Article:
The screen grid of Dr Animesh, a popular #EduTok creator, is a rather sterile looking pattern with the doctor sitting and facing the camera in a plain shirt. Yet, Dr Animesh Gupta has three million followers today and he only made his account in May this year. At 29, he has traversed a well-trodden path to become a qualified surgeon. He completed his MBBS at Delhi’s Safdarjung Hospital and followed it up with an MS in surgery from Ram Manohar Lohia Hospital. When he first joined TikTok on a friend’s recommendation, people hardly noticed his videos on free medical advice. He managed three to four views at best. Then out of nowhere, perhaps the most basic video asking viewers to write in for any health or illness-related questions, crossed two million views, defying reason or logic. “I did not even mention my name. Had no stethoscope around my neck,” says Animesh. “Yet, overnight, this one video received 4,000 comments and gained 15,000 followers in one go. I was suddenly famous.” Now he dispenses snippety medical advice on every possible ailment afflicting Indians—no you cannot cure blood-pressure, thyroid problems and diabetes, they can only be controlled by medicine; dengue treatment does not require antibiotics unless there is an infection involved; how many ultrasound scans should you do during pregnancy. He sometimes advocates the odd ayurvedic “Slim 20 syrup” for stubborn fat. He even inspired his radiologist father in Uttar Pradesh’s Ballia district to talk about “lychee deaths” and why they are concentrated in Muzaffarpur alone. Sought after with first-time internet users in tier-II and tier-III cities, Animesh has closely followed frequently asked questions of patients in Ram Manohar Lohia hospital’s outpatient ward and his TikTok comment feed to compose his videos. Initially, he would get trolled as a fake doctor. “I even put out a video showing my medical certificate to convince people,” says Animesh. “I used to get maximum flak when I spoke about female foeticide, rape of minors and abortion rights with people lashing out about how I was spoiling women.” His recent videos, predictably, have not trundled the path of medical activism.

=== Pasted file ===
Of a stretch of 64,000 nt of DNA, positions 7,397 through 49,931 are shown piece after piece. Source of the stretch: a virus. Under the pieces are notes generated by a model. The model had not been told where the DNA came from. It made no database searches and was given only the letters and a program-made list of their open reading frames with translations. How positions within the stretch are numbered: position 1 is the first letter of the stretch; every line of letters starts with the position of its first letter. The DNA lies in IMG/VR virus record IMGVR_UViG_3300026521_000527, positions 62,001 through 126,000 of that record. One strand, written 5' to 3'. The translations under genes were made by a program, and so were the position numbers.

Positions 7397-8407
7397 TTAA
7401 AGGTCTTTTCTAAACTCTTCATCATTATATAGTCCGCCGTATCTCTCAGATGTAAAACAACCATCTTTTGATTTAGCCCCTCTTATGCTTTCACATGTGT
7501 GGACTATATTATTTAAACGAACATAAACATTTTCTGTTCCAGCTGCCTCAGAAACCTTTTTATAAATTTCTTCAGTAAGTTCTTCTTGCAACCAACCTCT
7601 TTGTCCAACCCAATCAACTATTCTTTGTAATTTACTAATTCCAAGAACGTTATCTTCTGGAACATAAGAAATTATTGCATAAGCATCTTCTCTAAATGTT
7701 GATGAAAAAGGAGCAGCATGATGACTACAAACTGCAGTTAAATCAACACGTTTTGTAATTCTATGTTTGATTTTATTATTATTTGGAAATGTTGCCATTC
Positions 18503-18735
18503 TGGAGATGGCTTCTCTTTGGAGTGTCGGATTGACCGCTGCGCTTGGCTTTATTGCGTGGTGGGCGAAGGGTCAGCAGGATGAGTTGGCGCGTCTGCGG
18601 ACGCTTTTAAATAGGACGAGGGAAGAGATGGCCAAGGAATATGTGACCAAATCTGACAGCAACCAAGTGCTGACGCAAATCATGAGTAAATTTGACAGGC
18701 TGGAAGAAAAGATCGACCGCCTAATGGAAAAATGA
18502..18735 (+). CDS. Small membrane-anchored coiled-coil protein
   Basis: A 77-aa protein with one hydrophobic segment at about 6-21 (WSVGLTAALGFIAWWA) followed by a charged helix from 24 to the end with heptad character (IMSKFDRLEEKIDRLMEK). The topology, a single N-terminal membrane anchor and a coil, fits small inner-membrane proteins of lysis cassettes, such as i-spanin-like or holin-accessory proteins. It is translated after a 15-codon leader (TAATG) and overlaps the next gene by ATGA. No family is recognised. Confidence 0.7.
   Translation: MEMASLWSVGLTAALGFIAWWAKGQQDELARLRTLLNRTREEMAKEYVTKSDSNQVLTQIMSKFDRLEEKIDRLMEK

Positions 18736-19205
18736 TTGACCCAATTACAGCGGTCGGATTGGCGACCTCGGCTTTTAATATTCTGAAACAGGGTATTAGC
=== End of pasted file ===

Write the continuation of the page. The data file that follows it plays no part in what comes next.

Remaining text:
But if there is one person who has aced educating first-time internet users, it is Awal Madaan from Delhi, who teaches “English from Hindi” in his quirky videos. Born to a motivational speaker father in Amritsar, he struggled with spoken English skills while looking for a job in Delhi. Now Madaan has more than 6.5 million followers who learn the difference between sieve and strainer or the meaning of distant relatives. “People used to say, this is TikTok, who is here for education? I have proven those naysayers wrong,” Madaan says at a cafe near a designated “TikTok street” in Delhi’s Connaught Place. TikTok’s massive billboard outside Delhi international airport features him. His whole family—father, mother, brother, wife and sister-in-law—are on TikTok with a million-plus followers. TikTok is their only occupation, posting health, fitness and comedy videos. How much does a member of this TikTok-exclusive family earn? Madaan shies away from quoting a figure. “Imagine a salary three times higher than what a director of client relations in an American advertising firm would earn,” is the only estimate Madaan, a former account executive in an American advertising firm, gives.
While Animesh and Madaan are not your garden-variety TikTok stars with song-and-dance routines and lipsync chicanery, a bonafide TikTok celebrity is a pelvic-thrusting, starry-eyed youngster with dreams of making it in show business. Aashika Bhatia from Surat, now based in Mumbai, has amassed 11.7 million followers in the last two years. She is all of 19. Fond of acting since she was nine years old (she has worked in TV serials on Sony), she dropped out of formal schooling in the tenth grade. She has to clear her Class 12 externals, but that can wait. “I am on TikTok 24x7. I love it,” she says. “I put out six videos on average, every day. When I am bored or sick or tired, three. When in a good mood, I put out 10. I love doing crazy things. I am a maniac. And TikTok allows me to be myself. It has given me everything: friends, fame and fans.” Bhatia is the only earning member in her family, which has a homemaker mother and a younger brother. Her first viral video, which crossed 96 million views in one shot, had her giving a sidelong glance and that is all it took. Recently, when she fell from a trampoline and tore her ligament, she adjusted the light and tripod to make videos from her bed for three months.
While photoshoots, guest appearances, openings and events are a way of life for Bhatia, Fizza Abidi from Lucknow, now Mumbai-based, is yet to make a big-ticket buzz on TikTok as a make-up artist and beauty influencer, even with 2.4 million followers. But her Halloween make-up tutorials are a rage on the social media platform. Her black, teeth-baring Halloween look, which trended for days in the discovery section, was inspired by the movie Corpse Bride. Only, her bride is decked out in Indian jewellery and a lehenga. In one video, Abidi asks sincerely, “Who would like to do such make-up on your wedding day?” Bollywood actor Jacqueline Fernandez’s manager had called to collaborate for a possible event seeing her alchemical powers in ghostly faces. Unfortunately for Abidi, the event got cancelled. An MBA graduate with a retired mother, Abidi, 32, is also the only earning member in her family. She earns a lakh a month now, just from TikTok brand collaborations. Does she fear losing the momentum, about fans moving on? She addresses the question without quite dealing with it. “I do not think people would ever get bored of TikTok,” she says. “It is endlessly entertaining.”